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Homework Help: Emission Spectra: which electrons?

  1. Oct 9, 2009 #1
    I am a newbie to the forum and impressed by the breadth and depth of the material here. After searching I am unable to answer a question that I have been pondering.

    One of my brightest students asked whether electrons other than the valence electrons were involved in the emission spectra of complex atoms.

    Research in my own texts didn't reveal an answer, nor did research here or on the net. The closest I got suggests that spectra are usually but not always generated by transitions of the valence electrons.


    Can anyone confirm that spectra are generated by electrons other than the valence electrons? Any net references would also be appreciated.
  2. jcsd
  3. Oct 10, 2009 #2
    Hello Elly, as far as I can recall valence electrons can cause lines in the infra red, visible and ultraviolet regions of the spectrum but in more energetic regions other electrons get involved.I am thinking in particular about the characteristic lines superimposed on the continuous spectrum from an X ray tube these lines being caused by electron transitions between shells.The Gamma spectrum from certain radioactive materials is caused by nucleon transitions within the nucleus.I am pretty rusty on this stuff and hopefully others will pop in to inform us both.:smile:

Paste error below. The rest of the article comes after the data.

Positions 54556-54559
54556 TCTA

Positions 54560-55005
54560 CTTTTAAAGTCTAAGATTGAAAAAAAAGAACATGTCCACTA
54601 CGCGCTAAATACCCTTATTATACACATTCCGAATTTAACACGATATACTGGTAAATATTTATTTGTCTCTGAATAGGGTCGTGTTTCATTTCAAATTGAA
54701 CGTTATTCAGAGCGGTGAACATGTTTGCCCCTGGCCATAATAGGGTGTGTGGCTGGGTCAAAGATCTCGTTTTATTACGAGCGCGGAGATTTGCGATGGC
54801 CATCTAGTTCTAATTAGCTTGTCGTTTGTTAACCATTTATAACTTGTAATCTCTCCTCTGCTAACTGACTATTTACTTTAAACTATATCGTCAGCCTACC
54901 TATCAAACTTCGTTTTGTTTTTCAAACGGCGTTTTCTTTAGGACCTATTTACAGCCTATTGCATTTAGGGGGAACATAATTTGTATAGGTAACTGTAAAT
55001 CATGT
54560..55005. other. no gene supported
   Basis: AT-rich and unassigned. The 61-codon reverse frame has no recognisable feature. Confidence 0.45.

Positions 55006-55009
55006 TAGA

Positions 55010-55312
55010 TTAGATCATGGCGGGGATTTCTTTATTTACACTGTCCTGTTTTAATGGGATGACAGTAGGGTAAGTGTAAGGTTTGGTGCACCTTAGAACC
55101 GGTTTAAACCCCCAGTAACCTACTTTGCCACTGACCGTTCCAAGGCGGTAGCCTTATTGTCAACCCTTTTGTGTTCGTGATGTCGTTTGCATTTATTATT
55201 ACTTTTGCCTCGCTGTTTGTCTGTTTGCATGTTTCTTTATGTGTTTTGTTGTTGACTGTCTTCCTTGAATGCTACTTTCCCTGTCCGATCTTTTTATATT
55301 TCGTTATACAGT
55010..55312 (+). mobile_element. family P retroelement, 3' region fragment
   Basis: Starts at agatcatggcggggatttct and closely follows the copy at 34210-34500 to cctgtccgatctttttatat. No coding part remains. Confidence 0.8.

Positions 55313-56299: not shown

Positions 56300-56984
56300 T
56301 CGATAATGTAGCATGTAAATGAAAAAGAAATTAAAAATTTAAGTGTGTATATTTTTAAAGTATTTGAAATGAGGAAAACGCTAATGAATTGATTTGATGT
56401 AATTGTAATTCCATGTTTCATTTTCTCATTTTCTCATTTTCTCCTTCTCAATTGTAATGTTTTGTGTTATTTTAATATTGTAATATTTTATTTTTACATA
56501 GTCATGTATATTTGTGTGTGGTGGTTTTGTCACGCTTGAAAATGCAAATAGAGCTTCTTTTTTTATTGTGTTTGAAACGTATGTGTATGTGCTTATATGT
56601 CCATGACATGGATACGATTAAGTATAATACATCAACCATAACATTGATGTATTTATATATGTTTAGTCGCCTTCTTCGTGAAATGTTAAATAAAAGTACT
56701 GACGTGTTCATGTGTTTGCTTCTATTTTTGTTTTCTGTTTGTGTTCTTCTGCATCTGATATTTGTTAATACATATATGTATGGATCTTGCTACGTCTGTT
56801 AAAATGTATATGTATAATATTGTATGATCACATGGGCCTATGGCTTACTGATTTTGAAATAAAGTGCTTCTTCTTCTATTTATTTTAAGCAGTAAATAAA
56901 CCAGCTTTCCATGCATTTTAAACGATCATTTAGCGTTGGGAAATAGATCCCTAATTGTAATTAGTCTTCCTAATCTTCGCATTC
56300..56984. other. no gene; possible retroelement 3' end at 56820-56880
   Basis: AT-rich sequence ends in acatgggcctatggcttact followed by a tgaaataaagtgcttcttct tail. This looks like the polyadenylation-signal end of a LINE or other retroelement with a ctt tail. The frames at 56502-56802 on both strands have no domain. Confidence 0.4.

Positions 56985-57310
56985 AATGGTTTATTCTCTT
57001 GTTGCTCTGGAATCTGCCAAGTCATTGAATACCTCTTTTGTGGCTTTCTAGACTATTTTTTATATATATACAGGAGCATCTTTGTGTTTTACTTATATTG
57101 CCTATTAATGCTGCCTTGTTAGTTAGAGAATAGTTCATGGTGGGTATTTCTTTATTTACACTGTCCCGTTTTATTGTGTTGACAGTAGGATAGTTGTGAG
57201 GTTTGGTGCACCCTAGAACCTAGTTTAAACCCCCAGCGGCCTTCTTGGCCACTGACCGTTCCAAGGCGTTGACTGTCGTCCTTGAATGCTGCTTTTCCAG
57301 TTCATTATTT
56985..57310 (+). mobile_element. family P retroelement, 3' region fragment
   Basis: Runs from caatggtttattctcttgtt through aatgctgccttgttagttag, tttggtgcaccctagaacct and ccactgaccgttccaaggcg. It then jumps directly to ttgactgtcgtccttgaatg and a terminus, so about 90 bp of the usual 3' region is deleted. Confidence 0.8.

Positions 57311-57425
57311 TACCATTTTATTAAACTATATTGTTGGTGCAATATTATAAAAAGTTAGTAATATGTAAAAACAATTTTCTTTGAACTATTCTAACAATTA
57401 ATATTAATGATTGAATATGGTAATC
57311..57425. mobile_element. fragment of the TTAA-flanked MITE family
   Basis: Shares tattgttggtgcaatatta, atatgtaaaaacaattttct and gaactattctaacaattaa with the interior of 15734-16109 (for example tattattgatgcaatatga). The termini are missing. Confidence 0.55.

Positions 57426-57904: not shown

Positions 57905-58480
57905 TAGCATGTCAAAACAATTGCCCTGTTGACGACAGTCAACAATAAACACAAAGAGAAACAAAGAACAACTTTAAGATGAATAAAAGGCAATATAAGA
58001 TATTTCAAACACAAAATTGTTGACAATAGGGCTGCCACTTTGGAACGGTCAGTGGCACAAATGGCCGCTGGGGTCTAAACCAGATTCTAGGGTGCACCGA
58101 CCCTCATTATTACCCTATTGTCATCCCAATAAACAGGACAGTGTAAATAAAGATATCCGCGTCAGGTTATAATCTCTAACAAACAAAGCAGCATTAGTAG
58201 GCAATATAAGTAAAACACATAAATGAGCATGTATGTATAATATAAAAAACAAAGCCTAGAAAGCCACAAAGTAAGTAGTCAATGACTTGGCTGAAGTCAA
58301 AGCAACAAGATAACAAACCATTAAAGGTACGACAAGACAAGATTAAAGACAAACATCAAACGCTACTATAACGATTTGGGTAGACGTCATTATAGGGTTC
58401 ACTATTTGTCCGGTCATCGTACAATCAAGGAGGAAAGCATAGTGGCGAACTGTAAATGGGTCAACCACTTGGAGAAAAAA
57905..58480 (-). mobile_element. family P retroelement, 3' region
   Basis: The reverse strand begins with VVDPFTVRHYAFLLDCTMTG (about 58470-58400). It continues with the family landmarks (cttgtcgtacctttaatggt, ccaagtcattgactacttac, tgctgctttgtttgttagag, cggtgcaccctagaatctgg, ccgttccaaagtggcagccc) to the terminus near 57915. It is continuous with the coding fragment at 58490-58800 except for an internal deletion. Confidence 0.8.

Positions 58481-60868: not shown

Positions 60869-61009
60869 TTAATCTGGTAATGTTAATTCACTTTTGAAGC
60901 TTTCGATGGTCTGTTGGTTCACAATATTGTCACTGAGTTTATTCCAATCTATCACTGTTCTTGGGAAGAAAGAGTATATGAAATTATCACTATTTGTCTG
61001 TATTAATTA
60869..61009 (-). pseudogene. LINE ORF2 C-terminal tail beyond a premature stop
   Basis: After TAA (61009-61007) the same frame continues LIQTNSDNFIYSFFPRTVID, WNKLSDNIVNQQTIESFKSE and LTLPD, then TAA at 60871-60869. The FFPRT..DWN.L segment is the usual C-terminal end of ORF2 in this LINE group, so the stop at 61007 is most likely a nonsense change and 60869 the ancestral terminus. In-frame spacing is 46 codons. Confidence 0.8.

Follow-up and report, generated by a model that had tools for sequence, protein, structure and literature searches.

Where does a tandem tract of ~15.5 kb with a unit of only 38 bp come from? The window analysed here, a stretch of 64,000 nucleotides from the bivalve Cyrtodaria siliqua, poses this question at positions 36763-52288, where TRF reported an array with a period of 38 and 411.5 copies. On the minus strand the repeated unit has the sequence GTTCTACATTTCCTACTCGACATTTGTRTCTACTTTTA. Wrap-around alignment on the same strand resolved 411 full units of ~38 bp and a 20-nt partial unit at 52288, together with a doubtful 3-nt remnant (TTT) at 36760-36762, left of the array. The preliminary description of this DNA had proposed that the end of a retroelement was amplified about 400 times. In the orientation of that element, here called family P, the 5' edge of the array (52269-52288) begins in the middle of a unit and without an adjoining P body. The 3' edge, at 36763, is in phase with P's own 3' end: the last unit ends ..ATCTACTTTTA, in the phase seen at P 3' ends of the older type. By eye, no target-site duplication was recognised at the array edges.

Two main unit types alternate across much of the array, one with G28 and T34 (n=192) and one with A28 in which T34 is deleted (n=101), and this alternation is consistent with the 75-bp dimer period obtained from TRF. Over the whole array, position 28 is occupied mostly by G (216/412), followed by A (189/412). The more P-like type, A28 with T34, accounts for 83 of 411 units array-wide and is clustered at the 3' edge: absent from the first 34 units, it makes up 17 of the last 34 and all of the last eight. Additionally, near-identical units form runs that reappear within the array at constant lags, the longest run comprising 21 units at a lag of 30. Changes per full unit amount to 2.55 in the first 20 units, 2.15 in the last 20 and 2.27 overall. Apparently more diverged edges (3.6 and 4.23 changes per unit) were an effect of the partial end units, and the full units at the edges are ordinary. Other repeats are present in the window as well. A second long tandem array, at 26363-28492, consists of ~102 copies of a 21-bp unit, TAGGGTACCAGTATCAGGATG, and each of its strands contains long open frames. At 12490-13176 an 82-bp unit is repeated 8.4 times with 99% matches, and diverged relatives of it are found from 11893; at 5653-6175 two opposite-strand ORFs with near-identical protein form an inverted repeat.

4. Oct 10, 2009 #3
    Hi, i am not exactly proficient in this area and i would greatly appreciate anyone that can correct me if my discussion is wrong so here's what i think.

    I remembered that for electron(s) to be excited to another quantum level, the energy of the light ray/beam(seriously have no idea the difference between ray and beam hope someone can enlighten me :biggrin:) have to have the exact energy say between n quantum level and i quantum level? So that would mean that when an atom receives energy only electrons from n quantum level will be promoted to i quantum level and no other electrons from other levels will be excited correct? If that is the case can we conclude that excitation is not limited only to the valence electrons?
  5. Oct 10, 2009 #4
    I think photons would be the most appropriate word to use in this context and what you have described here seems to make sense electrons other than valence electrons becoming involved particularly when we go into the higher frequency end of the spectrum.With photon excitation one might expect to be able to observe an absorption spectrum.
  6. Oct 12, 2009 #5
    Thank you Dadface. Your reply was much appreciated. And thanks to all who considered my question.

    Does anyone have any online references they can point me to covering this area?
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